Books Read in 2020

I always like to read, and often have more than one book on the go at the same time. Overall, it’s probably not a good idea to have be reading too many books at once, so I’ve decided to stick with just one (with the exceptions of the Bible, a devotional book, as well as anthologies and the like). For some examples of the latter, click here and here.

Here’s links to the books I’ve read in 2020 (in the order of reading) since my retirement:

Why Don’t Penguins’ Feet Freeze?

Reasons to Stay Alive (Matt Haig)

77 Million Paintings (Brian Eno)

The Magic of Reality (Richard Dawkins)

Caught (Harlan Coben)

Black and British (David Olusoga)

To be continued…

Black and British (David Olusoga)

The phrases ‘White Privilege‘ and ‘Black Lives Matter‘ are often misunderstood; sometimes wilfully, sometimes for political advantage, and sometimes in ignorance. But, when you’ve read a book like this you realise there’s no equivalence between the overall experience of black people and white people, either historically or in the present day.

This book, which I’ve read during Black History Month (October 2020), demonstrates clearly the disadvantages faced by black people, compared with the ‘privileged’ position of white people. That’s not to say there aren’t individual or specific examples where this isn’t the case, but simply that the broad sweep of history (right up to the present) shows the widespread discrimination against black people.

There was much I already knew, but it was presented in a new way. Equally, there was also much I learned; often in surprising ways, with a few epiphany moments.

Reading this book, with a genuine desire to understand the experience of black people, highlights the shallowness of saying that ‘All Lives Matter’ or ‘White Lives Matter’ in response to black calls for equality and recognition of the challenges they face in society.

Of course, all lives matter, but there’s a difference between equality and equivalence. The difference is that white people are not disadvantaged by their colour, black people are. Equality is not achieved by imposing equivalence of experience when it doesn’t exist, it merely compounds and perpetuates the problem. Realism is required in the cause of equality, rather than imagining it already exists.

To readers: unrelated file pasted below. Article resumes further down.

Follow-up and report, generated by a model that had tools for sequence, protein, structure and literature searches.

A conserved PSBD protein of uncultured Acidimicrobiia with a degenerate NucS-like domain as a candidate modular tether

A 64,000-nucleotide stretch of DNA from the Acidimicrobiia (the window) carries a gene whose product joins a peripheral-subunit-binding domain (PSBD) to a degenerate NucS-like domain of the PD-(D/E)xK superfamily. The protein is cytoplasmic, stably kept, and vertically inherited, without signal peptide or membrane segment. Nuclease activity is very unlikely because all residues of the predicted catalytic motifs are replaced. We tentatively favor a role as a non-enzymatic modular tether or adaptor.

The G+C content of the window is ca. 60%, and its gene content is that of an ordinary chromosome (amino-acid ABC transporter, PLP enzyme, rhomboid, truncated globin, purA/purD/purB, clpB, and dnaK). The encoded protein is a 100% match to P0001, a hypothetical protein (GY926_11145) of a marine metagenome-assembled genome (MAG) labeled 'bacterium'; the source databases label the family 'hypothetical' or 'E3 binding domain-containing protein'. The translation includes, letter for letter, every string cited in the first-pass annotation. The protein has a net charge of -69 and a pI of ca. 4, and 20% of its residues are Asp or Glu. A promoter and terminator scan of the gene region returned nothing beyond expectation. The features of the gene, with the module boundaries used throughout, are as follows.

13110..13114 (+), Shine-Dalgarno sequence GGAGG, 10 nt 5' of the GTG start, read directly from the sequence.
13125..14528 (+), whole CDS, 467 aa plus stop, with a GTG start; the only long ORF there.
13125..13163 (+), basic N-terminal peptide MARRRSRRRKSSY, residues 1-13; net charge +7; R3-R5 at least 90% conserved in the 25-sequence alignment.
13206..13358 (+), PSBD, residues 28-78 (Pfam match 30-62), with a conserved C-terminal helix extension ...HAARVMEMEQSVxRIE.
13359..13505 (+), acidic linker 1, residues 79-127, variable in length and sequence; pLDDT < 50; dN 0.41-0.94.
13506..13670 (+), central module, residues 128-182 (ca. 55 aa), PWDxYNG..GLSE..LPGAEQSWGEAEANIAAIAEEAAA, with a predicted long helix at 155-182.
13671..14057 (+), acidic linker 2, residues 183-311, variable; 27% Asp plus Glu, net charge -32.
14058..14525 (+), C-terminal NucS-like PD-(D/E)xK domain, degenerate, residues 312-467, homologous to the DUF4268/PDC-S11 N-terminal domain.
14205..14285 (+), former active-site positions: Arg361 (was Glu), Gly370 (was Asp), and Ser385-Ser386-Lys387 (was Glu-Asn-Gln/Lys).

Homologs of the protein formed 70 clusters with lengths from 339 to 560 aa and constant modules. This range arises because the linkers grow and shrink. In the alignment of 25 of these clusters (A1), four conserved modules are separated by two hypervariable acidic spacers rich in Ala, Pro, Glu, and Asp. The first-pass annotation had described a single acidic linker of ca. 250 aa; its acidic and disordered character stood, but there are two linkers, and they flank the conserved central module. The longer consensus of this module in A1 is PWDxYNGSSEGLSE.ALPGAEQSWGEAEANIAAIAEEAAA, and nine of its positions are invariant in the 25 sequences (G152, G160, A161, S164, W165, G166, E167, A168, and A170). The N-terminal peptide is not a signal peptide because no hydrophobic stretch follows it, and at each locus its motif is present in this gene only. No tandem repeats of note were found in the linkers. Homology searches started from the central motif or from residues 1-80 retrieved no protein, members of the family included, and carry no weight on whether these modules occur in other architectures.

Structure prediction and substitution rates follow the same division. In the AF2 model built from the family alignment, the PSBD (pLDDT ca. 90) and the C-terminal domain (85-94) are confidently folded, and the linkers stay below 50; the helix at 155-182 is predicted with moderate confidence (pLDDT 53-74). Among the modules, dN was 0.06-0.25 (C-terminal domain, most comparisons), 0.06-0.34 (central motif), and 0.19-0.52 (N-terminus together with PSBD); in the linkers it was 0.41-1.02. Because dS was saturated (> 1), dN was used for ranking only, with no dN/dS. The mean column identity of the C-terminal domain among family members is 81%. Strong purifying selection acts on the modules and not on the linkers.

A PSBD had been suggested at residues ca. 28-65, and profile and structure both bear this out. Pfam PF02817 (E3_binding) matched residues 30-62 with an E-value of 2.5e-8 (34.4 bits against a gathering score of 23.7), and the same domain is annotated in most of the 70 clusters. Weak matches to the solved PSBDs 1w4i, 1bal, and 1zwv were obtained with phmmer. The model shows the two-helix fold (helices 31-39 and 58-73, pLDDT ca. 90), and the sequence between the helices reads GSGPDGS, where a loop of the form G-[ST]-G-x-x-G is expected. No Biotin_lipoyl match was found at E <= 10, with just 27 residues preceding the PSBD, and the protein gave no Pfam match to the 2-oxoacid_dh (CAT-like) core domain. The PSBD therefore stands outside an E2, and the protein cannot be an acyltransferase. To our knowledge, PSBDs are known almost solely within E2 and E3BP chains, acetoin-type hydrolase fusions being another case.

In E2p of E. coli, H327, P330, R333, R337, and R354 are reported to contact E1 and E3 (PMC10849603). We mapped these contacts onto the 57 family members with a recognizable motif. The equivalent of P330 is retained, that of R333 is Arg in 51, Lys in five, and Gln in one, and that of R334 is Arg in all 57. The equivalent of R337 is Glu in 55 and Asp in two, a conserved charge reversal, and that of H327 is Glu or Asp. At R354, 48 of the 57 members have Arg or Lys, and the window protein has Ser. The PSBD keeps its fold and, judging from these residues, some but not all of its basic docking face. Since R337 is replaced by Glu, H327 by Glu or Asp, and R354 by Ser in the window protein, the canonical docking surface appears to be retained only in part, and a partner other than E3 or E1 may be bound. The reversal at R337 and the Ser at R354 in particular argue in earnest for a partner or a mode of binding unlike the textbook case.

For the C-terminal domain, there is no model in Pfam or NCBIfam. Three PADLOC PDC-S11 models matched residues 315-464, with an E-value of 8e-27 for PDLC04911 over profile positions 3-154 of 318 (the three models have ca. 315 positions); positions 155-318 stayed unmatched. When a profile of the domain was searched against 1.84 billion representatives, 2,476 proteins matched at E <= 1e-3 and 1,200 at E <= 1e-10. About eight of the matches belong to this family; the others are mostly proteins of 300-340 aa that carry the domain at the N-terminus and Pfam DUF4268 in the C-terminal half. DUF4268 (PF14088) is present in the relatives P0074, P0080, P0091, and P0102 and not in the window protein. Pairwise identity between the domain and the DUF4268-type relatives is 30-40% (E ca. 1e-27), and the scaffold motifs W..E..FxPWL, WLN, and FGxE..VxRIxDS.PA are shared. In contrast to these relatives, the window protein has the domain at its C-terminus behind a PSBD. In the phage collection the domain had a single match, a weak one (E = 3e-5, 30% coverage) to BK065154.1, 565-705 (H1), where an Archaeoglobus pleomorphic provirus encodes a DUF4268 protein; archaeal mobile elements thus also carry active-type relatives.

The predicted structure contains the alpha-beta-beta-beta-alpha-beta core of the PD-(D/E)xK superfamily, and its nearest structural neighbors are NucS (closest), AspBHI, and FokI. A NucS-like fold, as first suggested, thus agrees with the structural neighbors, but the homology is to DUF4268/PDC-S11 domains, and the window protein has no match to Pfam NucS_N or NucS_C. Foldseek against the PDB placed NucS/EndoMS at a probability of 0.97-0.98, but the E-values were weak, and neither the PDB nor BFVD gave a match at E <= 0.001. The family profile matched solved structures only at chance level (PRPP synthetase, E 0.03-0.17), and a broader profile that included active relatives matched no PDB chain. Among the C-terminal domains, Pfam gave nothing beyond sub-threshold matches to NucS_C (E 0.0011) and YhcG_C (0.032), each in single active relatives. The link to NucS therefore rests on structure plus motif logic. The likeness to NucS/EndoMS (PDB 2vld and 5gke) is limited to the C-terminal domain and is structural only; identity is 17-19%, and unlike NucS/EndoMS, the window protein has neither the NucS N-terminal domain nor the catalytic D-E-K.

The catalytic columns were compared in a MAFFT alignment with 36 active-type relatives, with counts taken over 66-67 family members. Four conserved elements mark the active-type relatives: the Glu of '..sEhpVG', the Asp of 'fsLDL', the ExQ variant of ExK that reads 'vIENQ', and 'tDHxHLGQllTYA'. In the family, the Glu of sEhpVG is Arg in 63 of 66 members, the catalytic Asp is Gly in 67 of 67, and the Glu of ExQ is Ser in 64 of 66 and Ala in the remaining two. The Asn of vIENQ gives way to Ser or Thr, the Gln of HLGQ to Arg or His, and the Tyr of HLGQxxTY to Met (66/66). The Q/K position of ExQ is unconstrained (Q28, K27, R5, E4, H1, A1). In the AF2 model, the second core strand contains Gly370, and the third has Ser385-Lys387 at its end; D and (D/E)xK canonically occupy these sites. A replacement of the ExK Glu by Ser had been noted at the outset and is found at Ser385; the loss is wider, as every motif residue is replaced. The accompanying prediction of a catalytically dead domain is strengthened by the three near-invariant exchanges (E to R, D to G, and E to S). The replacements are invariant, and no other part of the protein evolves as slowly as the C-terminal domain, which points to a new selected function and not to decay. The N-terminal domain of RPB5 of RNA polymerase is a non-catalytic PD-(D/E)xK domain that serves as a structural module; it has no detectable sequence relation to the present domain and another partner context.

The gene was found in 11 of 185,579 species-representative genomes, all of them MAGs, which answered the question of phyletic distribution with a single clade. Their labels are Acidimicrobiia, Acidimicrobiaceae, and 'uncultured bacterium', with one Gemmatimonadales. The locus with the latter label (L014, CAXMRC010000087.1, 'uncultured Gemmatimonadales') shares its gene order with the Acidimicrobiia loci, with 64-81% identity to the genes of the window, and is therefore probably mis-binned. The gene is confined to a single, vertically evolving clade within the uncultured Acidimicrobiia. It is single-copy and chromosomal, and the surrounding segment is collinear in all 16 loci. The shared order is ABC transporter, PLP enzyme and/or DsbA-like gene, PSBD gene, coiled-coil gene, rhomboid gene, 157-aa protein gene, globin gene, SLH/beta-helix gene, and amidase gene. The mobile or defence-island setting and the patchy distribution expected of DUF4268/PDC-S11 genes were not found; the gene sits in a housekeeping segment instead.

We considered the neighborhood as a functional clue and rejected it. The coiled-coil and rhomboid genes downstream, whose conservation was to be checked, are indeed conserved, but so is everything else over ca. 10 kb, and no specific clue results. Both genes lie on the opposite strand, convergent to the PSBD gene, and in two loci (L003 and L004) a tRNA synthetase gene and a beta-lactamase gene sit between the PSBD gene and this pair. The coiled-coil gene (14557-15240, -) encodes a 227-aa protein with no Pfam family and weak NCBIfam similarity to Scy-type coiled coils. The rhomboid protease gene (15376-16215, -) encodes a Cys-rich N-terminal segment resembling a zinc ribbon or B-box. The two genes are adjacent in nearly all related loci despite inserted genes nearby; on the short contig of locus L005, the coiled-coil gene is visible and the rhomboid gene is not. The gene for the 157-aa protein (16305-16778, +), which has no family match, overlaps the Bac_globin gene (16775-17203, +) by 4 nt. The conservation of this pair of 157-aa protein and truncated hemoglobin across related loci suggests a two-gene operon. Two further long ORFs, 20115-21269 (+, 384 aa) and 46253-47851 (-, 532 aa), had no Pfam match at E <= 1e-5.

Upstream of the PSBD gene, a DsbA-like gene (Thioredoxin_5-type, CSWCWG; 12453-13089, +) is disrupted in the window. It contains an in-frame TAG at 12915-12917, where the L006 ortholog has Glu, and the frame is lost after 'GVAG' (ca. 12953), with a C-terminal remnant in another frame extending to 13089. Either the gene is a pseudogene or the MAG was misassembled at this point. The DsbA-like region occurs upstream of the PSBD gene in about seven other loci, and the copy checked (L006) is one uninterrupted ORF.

I don’t expect everyone will agree with me, but this (as a white man) is the result of much soul-searching on my part into understanding the black experience and situation. Grace and peace to all, John.

Caught (Harlan Coben)

Naomi and I have seen several television adaptations of Harlan Coben books, but this is the first time I’ve read one of his books.

I found Caught very enjoyable, at times hard to put down, and overall an enjoyable read. He creates some good characters, draws you in with the narrative, and surprises with twists along the way.

A ‘laugh out loud’ moment came early in the book when he was describing a celebrity defence lawyer: He crossed the room in a way that might be modestly described as ‘theatrical,’ but it was more like something Liberace might have done if Liberace had the courage to be really flamboyant.

I’ll probably read more of his books in the future, although I prefer the more descriptive prose and deeper thought of a crime writer such as P. D. James.

The Magic of Reality (Dawkins)

You might wonder why I’m reading a book by Richard Dawkins and writing about it here. Well, there are at least three reasons. Firstly, I don’t see a conflict between science and my Christian faith; secondly, my faith is sufficiently robust to engage with other world views; and thirdly, he’s a great scientific academic and writer.

Having said that, I wasn’t impressed with The God Delusion. Not because I’m defensive about my faith, but more to do with Dawkins’ obvious agenda, his poor knowledge of the subject, his lack of research, and flimsy arguments. Often, he puts up a ridiculous ‘straw man’ argument and then knocks it down with an empty victory celebration. He’s best when he sticks to science.*